The success in any of the app stores is all about decisions. In this highly changing environment, any step you take is crucial for your app’s performance.
During this endless process of iteration, App Store Optimization (ASO) is one of your best friends. Thanks to ASO, you can test and monitor the performance of your keyword decisions. It is also to do some further tricks such as using app names as keywords.
In this blog post, we will focus on how you can use app names as an advantage for your ASO-strategy. You will see that using app names as keywords can be extremely beneficial for the visibility of your app and beyond. This blog post will help you to learn about the best practices of using app names as keywords.
Using App Names as Keywords
It has been known that Apple recommends not putting keywords in your app name. You can speculate many reasons for Apple’s recommendation. In reality, Apple just wants to retain control over the quality of the App Store and make everything look as pretty as possible.
So what about using app names keywords, especially if it is the name of another app? Obviously, Apple will not be pleased to hear this as an option. But as you know, guidelines and reality can be two very different things.
So what’s the benefit of using app names as keywords? Now we will focus on the keyword trick of using other publisher’s app names.
How can it be useful?
In the world of App Store Optimization (ASO), the sky is the limit when it comes to the creative tips & tricks you can follow to maximize your app’s success. In terms of keywords, you should continuously search for the best keywords working for you and make the necessary adjustments. Results indicate that using other publisher’s app names clearly works for your benefit.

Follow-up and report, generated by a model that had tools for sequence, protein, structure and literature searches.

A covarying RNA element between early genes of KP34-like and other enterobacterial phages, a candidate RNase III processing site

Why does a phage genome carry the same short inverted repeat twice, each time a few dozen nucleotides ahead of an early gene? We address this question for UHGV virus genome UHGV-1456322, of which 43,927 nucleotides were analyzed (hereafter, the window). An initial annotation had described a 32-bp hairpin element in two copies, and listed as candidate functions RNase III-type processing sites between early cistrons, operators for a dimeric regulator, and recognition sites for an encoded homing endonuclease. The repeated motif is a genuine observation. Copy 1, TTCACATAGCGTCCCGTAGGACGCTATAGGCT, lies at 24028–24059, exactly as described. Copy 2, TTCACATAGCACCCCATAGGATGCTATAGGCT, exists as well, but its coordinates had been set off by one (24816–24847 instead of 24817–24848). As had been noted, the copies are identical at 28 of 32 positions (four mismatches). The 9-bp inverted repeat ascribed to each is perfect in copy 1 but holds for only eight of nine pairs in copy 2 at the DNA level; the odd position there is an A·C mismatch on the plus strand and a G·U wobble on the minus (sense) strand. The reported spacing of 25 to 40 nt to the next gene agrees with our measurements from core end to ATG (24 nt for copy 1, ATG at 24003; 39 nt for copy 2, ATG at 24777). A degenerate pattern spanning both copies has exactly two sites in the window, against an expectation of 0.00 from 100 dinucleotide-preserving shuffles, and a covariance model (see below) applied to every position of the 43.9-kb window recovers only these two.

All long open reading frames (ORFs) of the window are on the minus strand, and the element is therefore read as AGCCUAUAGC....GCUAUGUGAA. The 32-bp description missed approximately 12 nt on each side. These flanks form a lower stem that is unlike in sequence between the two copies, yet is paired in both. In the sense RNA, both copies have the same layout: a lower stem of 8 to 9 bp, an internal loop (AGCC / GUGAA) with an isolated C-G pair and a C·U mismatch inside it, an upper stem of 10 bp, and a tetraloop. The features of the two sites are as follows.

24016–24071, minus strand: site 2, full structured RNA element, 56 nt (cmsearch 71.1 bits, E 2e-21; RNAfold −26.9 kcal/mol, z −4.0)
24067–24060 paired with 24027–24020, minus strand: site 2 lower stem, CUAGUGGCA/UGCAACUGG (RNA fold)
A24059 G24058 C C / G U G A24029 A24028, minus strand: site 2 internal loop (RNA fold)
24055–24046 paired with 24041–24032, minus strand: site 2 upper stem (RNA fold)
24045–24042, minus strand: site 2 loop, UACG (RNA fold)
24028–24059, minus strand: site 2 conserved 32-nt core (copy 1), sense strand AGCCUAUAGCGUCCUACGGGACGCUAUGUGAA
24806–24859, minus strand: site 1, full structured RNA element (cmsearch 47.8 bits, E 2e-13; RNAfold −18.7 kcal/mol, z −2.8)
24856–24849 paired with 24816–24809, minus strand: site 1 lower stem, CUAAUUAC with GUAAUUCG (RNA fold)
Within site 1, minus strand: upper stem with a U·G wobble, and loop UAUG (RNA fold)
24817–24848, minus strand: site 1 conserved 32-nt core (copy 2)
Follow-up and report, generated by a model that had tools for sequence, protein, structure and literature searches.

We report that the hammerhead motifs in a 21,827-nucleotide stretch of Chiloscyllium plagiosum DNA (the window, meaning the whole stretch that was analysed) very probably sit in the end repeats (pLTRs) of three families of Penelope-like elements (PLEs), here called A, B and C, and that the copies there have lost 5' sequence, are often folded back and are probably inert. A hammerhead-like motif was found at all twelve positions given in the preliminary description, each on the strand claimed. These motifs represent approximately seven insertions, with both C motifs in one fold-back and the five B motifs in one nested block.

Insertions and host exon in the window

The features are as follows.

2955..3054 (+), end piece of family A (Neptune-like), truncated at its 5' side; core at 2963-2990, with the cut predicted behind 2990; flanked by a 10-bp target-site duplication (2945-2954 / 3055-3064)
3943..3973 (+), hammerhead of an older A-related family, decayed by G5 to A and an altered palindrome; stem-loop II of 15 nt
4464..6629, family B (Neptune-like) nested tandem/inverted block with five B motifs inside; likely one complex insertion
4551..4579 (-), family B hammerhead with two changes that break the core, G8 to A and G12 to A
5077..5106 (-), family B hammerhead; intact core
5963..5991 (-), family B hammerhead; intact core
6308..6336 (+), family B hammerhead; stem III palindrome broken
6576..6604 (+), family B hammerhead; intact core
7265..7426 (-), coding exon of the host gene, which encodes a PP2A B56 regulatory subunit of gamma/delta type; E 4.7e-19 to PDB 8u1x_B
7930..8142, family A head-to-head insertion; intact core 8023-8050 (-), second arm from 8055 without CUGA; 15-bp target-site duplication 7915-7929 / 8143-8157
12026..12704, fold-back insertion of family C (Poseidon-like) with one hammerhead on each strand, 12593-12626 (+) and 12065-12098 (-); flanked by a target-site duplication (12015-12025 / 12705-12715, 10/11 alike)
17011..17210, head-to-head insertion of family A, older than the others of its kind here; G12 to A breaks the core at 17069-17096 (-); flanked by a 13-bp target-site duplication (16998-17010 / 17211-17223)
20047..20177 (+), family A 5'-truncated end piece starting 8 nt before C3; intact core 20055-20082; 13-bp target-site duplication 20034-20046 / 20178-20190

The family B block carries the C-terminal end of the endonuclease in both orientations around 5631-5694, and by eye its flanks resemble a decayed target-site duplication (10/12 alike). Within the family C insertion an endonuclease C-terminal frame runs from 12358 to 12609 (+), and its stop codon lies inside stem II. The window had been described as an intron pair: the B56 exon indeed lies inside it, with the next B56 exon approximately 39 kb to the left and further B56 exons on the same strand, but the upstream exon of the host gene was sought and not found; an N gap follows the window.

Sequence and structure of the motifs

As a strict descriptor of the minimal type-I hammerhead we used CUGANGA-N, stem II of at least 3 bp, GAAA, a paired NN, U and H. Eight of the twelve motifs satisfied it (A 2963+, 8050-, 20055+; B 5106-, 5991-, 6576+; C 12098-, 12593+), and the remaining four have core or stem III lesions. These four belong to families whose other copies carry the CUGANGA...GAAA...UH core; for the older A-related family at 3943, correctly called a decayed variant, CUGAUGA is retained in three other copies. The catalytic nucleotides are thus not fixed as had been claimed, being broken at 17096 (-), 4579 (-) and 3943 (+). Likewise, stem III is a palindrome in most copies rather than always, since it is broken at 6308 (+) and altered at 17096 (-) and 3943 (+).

It works because people tend to find popular apps by directly searching for their name. For example, to find Instagram, they’ll search “instagram,” not “filters.”
Just like the word Kleenex has become the new word for tissues, app names become search terms.
Whether you like it or not, it’s not exactly included in the book of best business practices. So, you have a decision to make.
As a fundamental purpose of App Store Optimization (ASO), decisions about your app names contribute significantly to your App Store ranking. As the ultimate goal, increasing visibility boost your downloads and help you to generate revenue.
Therefore, it would make sense to put keywords in your app name. But also keep in mind that if you put too many keywords in your app name, and you’re running a high risk of getting rejected by Apple. Apple might also delete keywords without telling you. So be sure to double check, after your app is published.
How to Use Other Publishers’ App Names
- WORST: In your app name
- BEST: Keyword spot
Note: Never use other publishers’ app names in Google Play Store as you will be banned.
Using App Names as Keywords: An Example
Now let’s take a look at a good example of how this works.
There are a lot of apps that use Dropbox for storage. However, Apple has cracked down on using that as a keyword in the app name. But there are still apps that use it in their keywords to get downloads.
Here is one example…
This photo storage app ranks very well for the keyword “dropbox,” as well as other associated app names, such as “onedrive” and “shutterfly.” But as far as we can tell from their website, they don’t use any of these services in their app.
So again, this is a gray area and only you can decide if you want to implement this strategy or not.
The Bottom Line
You can decide for yourself where on the app store morality scale you fall in terms of using other app names, but know that all liability is on you. To see what other apps are doing, be sure to take a look at their keywords.
Apple’s policies will change from time-to-time, so stay up to date!
Hope you liked our post about using app names as keywords. Keep in mind that there are many keyword tips & tricks you can pursue a successful ASO-strategy. Feel free to share this post with other developers as it may be helpful for them.
Mobile Action Team
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